Sad clowns, banned make-up ads and ‘unicorn food’ madness

Planet Business: This week in the circus, from Ivanka handbags to ‘Dragon’s Den’

In numbers: Family business


Tons of Ivanka Trump handbags, wallets and blouses that were imported into the US from Hong Kong and Shanghai during the week that her father met Chinese president Xi Jinping at a Mar-a-Lago summit.


Number of trademarks that the "first daughter" company won provisional approval for on April 6th, the day Ivanka Trump and husband Jared Kushner sat next to the Chinese president and his wife for a steak and Dover sole dinner.


Number of pending and registered trademarks that Ivanka Trump’s company holds worldwide. Despite a boycott at some stores, #TeamIvanka’s business is booming.

Image of the week: Oh what a circus

These are sad times for clowns like Joe DeSoto, part of the Ringling Brothers and Barnum & Bailey Circus. The “Greatest Show on Earth” is on a farewell tour some 146 years after it began life as PT Barnum’s Grand Travelling Museum, Menagerie, Caravan and Hippodrome. On May 21st, it will shut down for good, having been undone by falling attendance, high operating costs, shifts in public opinion and long legal battles with animal rights groups. The elephant in the room was that there was no elephant in the room. A year ago, the company removed the elephants from its shows and sent them to live on a conservation farm. The result was a further “dramatic drop” in ticket sales – while some people said they didn’t want the animals to be used by circuses, others were disinclined to attend a circus without them.


The lexicon: Unicorn food

"Unicorn food" is allegedly the latest internet craze for posting images of pastel and rainbow-hued food. Essentially, it's a moment in the social media spotlight for food dyes. Think of a piece of toast smeared with a kaleidoscopic spread, a colour palette borrowed from My Little Pony – that's unicorn food. There's a chance it started out as a real, organic trend, popularised by kidults with smartphones, or it might have been an Instagram-friendly marketing concept from the get-go. It's so very hard to tell. In any case, coffee giant Starbucks has taken it mainstream, launching a limited edition "Unicorn Frappuccino", topped with vanilla cream, pink powder and "sour blue drizzle". When stirred, this concoction changes colour from purple to pink – so that's the viral video sorted.

Getting to know: Steve Parish

Steve Parish (52), the chairman and co-owner of Crystal Palace football club, has an estimated wealth of £45 million (€54 million, the last time we checked). But never mind that – television stardom awaits the Eagles man as he is one of two new "dragons" on the BBC's Dragon's Den. Parish made his fortune in advertising before putting together a consortium of Palace fans to save the London club from liquidation in 2010. It was promoted to the Premier League in 2013 and now has a turnover of more than £100 million. The dragon has a sanguine attitude to how Brexit will create hurdles for clubs buying EU players. In a "we are where we are" column for the Sunday Times, he called for football academies to be filled with local players and the rules on work permits to be redrawn to bring in more players from beyond Europe.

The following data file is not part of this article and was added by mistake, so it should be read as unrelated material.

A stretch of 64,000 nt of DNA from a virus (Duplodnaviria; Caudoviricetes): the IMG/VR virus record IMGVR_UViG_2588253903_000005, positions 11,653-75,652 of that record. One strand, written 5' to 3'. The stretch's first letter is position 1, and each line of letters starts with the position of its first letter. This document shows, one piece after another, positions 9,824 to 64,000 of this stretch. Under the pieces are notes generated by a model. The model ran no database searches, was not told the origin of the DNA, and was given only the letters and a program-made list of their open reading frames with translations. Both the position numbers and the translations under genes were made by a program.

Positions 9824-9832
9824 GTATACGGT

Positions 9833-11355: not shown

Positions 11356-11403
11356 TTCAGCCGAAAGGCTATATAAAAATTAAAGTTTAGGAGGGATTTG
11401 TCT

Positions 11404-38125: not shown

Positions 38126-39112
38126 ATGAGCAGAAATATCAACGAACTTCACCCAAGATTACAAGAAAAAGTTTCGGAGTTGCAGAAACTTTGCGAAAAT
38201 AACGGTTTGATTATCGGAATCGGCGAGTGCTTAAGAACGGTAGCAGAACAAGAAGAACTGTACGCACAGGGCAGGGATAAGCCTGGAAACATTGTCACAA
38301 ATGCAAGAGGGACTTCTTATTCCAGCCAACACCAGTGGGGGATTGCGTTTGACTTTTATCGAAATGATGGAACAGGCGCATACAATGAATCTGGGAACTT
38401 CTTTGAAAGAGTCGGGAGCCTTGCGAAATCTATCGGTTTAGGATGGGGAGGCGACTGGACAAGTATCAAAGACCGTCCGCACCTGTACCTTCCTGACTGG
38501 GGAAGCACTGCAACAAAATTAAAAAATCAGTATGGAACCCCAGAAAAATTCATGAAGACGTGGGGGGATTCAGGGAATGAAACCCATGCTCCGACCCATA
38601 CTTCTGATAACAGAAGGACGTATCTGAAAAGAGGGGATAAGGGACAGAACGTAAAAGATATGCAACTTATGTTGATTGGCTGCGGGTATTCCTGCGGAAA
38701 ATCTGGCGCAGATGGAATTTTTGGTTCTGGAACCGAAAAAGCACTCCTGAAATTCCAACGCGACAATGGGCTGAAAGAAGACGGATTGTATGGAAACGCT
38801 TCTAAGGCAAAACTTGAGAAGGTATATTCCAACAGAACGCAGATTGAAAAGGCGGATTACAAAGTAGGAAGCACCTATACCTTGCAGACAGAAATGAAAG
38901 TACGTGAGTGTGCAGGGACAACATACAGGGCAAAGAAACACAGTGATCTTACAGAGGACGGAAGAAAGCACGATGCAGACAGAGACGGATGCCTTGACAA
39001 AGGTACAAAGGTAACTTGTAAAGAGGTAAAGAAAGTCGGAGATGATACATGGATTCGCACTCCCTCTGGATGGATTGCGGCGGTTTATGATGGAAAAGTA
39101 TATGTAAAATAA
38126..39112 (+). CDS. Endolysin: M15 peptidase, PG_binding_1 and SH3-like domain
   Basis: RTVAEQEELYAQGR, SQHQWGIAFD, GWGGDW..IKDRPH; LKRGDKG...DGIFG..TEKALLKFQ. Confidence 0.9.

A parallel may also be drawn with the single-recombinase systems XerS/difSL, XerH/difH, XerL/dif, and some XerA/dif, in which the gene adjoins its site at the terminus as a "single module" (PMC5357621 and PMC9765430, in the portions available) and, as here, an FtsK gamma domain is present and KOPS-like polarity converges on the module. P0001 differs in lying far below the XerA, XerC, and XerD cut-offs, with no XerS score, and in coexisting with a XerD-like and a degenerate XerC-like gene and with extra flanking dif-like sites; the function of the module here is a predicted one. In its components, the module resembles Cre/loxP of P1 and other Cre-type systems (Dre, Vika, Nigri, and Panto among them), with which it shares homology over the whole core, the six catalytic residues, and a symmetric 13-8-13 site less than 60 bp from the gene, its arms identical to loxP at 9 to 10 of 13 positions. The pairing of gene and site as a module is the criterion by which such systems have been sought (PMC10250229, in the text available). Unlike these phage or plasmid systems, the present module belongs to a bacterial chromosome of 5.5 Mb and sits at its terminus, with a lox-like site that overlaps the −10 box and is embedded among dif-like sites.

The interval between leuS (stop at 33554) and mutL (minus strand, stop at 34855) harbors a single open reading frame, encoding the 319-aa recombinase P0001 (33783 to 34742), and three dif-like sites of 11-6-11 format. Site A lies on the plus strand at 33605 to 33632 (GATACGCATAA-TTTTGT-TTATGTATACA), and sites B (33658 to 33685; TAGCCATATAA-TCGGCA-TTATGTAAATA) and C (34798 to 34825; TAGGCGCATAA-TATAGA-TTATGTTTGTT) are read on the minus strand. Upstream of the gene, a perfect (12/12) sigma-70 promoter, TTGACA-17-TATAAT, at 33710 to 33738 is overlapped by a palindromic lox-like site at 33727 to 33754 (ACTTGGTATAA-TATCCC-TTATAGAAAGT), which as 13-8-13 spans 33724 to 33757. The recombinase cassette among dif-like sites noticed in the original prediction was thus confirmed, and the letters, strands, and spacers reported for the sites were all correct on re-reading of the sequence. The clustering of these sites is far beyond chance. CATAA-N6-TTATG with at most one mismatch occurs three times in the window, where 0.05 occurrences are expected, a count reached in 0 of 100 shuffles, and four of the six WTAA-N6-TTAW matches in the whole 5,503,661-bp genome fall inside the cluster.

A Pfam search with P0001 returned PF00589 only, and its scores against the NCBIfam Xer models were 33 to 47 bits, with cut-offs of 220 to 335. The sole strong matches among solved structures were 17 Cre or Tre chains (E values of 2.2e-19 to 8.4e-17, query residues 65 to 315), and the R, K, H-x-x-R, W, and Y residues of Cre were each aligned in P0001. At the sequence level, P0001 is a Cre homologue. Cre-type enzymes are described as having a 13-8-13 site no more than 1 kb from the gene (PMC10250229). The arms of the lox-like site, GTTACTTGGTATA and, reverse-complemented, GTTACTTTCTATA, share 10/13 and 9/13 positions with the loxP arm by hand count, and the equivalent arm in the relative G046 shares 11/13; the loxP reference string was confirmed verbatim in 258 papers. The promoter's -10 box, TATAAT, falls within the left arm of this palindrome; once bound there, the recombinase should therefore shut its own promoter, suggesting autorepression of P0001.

The list: Made-up advertising

Rimmel has been forced to pull ads for the aptly named "Scandaleyes" mascara on the basis that star Cara Delevingne was given "lash inserts" and some lashes were re-drawn in post-production. It's not the first and it won't be last make-up ad to flout advertising standards.

1. Red for blonde: Clairol’s 2015 ad had Mad Men’s Christina Hendricks declaring she had changed her trademark red hair for blonde, but the ad was filmed in reverse. Regulators were presumably tipped off by someone who knew Hendricks is a natural blonde.

2. The “Eraser”: Ads for a Maybelline “anti-ageing” foundation were banned after owner L’Oréal admitted altering images of model Christy Turlington to “lighten the skin, clean up make-up, reduce dark shadows and shading around the eyes, smooth the lips and darken the eyebrows”. Apart from that, it was fine.

3. Teint Miracle: L’Oréal’s Lancôme brand had to withdraw ads for a Julia Roberts-fronted face cream, despite valiantly arguing that its digital retouching efforts were not “directly relevant” to how she looked.

4. Nano airbrush: Christian Dior claimed "the miracle of a nano brush" was responsible for the beauty, specifically the "unrivalled" lashes, of Natalie Portman. Our old friend Photoshop helped.

5. On the lash: L’Oréal was also done for using false eyelashes in a Penelope Cruz mascara advertisement in 2007. It argued that many women wore falsies, so it was perfectly valid to put them in an ad for mascara.